Following the library’s dedication, in 1971, Middleton had a conversation with Johnson that years later would influence his decision to open the recordings. The library had planned a symposium on education in 1972 that would include the opening of presidential papers on the subject. A few days before the symposium was to begin, Middleton told Johnson that some papers couldn’t be released because archivists followed a rule that anything unduly embarrassing or harmful to living persons should remain closed. Johnson was skeptical. “You’re being too cautious,” he said. And then, as Middleton recalls, he went on, “Harry, good men have been trying to protect my reputation for forty years and not a damned one has succeeded. What makes you think you can?” When Middleton decided to move forward with making the recordings public in 1990 (a time when Johnson’s reputation was, as Middleton puts it, “in the basement”), the memory of this conversation spurred him to go through with it.
He had learned of the recordings shortly after Johnson died, in January 1973. Mildred Stegall, a former secretary in the White House, told him that she had seven boxes of Dictabelts from telephone conversations. Johnson had left them with her on the condition that if they were still in her care when he died, they were to be given to Middleton with instructions that they not be opened for fifty years. For three years they remained in storage, until Middleton decided that they couldn’t just sit around and turn to dust; they had to be preserved. But by 1976 the Dictabelt technology was already obsolete. The staff couldn’t even locate a Dictabelt machine; the library had to build one from scratch so that the recordings could be transferred to a reel-to-reel tape before going back under seal.
Years went by. In 1982 CBS subpoenaed the library for any materials that might relate to its defense of a libel suit brought by the former commanding general in Vietnam, William Westmoreland. Middleton learned that somebody had made transcripts of some of the recordings, but they turned out to contain errors; a Johnson comment about having a “pack of bastards waiting on me,” for example, turned out to be “a Pakistan ambassador.” The library did an inventory and sent some transcripts. The idea slipped into Middleton’s mind: “We’ve broken the seal now, why not open them?” But it wasn’t until 1990 that he went to see the lawyer for the National Archives to ask if it was legally permissible to breach the fifty-year restriction. When he got a favorable reply, he met with Lady Bird Johnson. “I believe if the president were alive, we could persuade him to open them now,” he told her. When she agreed, the library started duplicating the tapes for subsequent release.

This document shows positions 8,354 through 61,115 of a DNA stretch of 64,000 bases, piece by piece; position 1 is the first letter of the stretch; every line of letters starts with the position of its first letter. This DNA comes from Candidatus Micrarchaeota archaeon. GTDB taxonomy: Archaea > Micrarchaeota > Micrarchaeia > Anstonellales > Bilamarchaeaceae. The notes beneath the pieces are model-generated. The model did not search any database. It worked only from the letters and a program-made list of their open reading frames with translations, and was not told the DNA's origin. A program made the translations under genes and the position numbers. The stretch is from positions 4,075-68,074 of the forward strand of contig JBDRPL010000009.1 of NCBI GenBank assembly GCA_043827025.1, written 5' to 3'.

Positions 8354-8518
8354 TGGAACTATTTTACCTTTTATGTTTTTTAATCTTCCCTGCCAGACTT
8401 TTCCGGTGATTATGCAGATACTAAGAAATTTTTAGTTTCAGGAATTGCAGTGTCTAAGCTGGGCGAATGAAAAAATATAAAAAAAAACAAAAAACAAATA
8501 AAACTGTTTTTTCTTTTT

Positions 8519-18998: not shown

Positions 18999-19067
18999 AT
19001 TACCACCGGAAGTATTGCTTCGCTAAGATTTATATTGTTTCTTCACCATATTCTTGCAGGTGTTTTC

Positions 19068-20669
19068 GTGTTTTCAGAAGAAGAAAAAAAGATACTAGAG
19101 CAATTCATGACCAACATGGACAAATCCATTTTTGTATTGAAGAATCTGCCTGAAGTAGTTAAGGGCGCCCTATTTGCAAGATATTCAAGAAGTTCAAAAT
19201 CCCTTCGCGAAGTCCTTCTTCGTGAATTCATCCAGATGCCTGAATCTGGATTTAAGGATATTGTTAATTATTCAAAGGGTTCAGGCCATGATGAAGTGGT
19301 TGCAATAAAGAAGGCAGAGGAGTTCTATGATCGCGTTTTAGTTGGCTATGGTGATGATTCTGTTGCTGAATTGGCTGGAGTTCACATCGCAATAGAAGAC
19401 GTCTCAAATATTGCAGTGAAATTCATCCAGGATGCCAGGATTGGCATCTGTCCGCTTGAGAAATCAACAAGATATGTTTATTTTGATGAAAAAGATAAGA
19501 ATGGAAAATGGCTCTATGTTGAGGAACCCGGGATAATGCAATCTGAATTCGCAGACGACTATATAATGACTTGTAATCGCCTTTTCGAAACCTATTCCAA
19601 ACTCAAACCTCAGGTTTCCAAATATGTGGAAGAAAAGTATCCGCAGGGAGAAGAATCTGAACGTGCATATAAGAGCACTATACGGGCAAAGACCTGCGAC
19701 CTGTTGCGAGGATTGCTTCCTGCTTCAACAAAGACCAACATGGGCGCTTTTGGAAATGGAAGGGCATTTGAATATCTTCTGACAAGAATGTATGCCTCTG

Middleton is 78 now, still spry and enthusiastic but definitely ready for retirement; friends say that he stays on because Lady Bird wants him to. He looks anything but scholarly; his face almost always wears an impish expression that is exaggerated by lines that travel across his forehead in waves like complex mathematical functions. In conversation, he hunches forward, knees splayed, eyeglasses dangling between them from a cord around his neck. But if he were more like the typical archivist, chances are that he would have regarded himself bound by the fifty-year injunction and the tapes would have remained closed.
Middleton is delighted with “the return of LBJ,” as he puts it, but his library has never been protective of its namesake. Through the long years when Johnson was regarded as one of America’s worst presidents, Middleton rarely spoke out in defense of his patron—with two notable exceptions. In a 1983 article in the Friends of the LBJ Library newsletter, he panned the first of Caro’s two volumes, The Path to Power, by citing “the extent of his hatred for his subject, a loathing so deep it coats a steamy sheen over his prose.” The second time was a 1992 speech in which he said of Stone’s JFK, “As theater, the film is powerful. As propaganda, it is highly effective. As history, it is destructive and malicious nonsense.” He regrets the former—“It was indiscreet,” he says of his criticism of Caro (he declines to discuss the second volume)—but not the latter. What about the tapes? Did he release them with the idea of saving Johnson’s reputation? “Consciously, no,” Middleton says, “I just thought that these were important historical records that should be open. Subconsciously, maybe so.”